Embroidery of a Thousand-Armed Kannon
Unidentified Artist Japanese
Muromachi period (1392–1573)
probably late 15th–early 16th century
Hanging scroll remounted on a panel; embroidered silk appliquéed to cotton backing
Overall: 76 3/4 x 31 1/8 in. (195 x 79 cm)
Purchase, Sue Cassidy Clark Gift, in memory of Terry Satsuki Milhaupt, 2013
Not on view
This exceedingly rare example of late medieval Buddhist embroidery depicts a Thousand-armed Kannon (Japanese: Senju Kannon). Such elaborate textiles were painstakingly stitched as an act of devotion and an individual or group of believers would commission them in order to gain religious merit. Stylistic considerations place this work in the late fifteenth or early sixteenth century, which concurs with radiocarbon dating of thread samples.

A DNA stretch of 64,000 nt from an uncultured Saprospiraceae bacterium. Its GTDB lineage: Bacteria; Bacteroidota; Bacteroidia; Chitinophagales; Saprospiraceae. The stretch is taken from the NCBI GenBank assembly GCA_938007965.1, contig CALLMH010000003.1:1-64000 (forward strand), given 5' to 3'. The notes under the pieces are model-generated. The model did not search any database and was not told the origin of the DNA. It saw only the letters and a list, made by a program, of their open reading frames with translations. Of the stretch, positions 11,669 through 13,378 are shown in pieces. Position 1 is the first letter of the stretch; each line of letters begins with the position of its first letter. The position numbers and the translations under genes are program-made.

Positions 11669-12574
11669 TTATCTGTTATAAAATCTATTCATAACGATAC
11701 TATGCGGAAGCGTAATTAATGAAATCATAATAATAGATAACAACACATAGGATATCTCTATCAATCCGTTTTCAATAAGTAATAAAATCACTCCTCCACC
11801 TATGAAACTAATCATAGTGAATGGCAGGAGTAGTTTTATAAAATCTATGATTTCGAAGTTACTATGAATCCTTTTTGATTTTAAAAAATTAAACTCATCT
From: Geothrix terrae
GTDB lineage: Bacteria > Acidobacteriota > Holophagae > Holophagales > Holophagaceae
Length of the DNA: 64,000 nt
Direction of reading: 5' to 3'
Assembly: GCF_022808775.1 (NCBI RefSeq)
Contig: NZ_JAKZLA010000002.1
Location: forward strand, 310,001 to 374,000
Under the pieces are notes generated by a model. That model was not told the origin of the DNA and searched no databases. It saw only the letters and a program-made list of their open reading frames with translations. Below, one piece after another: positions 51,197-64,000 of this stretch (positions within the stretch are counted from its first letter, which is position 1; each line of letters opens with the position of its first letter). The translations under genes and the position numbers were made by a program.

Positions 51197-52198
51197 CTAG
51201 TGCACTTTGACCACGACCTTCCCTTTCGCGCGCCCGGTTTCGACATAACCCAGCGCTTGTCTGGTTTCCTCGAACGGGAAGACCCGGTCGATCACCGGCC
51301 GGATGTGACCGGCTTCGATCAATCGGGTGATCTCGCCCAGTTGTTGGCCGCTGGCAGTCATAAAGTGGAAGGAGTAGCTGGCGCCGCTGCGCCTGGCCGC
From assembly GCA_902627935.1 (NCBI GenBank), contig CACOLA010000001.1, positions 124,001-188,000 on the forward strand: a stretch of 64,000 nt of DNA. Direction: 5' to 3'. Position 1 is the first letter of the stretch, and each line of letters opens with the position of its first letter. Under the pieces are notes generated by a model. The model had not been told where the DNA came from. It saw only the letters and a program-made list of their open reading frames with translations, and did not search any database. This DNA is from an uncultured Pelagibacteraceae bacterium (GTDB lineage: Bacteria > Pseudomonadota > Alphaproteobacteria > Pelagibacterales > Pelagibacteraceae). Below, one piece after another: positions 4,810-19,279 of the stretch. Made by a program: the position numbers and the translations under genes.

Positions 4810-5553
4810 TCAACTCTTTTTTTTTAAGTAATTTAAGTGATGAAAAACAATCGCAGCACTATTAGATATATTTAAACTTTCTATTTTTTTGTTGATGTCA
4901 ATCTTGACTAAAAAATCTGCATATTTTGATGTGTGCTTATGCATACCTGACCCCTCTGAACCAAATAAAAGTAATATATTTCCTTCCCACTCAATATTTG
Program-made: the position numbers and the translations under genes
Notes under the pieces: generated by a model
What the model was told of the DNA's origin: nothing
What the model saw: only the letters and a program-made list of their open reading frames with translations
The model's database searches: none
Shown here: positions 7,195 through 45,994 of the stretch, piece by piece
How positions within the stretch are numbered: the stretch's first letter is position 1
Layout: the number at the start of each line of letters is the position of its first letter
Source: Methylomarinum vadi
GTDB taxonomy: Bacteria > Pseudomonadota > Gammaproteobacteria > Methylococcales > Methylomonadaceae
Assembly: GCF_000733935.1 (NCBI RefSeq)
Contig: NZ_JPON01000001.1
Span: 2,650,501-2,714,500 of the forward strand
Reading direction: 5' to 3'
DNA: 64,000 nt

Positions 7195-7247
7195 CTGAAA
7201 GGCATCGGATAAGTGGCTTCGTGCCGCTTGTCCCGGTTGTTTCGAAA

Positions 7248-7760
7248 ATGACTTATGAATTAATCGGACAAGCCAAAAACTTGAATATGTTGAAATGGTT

Senju Kannon, a manifestation of a compassionate bodhisattva, has eleven heads (jūichimen) and multiple arms. Though senju literally means “one-thousand arms,” sculpted and painted version of this deity often reduce the arms to a finite number, such as ten. Here, the palms of the deity’s central hands are pressed together to form a gasshō, a gesture of greeting and reverence. Other hands wield a hand drum, pilgrim’s staff, trident, Dharma wheel, wish-granting jewels, bow and arrows, bell, and prayer beads. The figure of Kannon stands on a lotus platform surrounded by a mandorla with eleven disks on lotus flower supports. Above the figure are orbs representing the moon and sun. The Japanese characters jūban 十番 above the figure indicates that this work is from the “tenth” temple in the Eighty-Eight Temple Pilgrimage Route of Shikoku Province.
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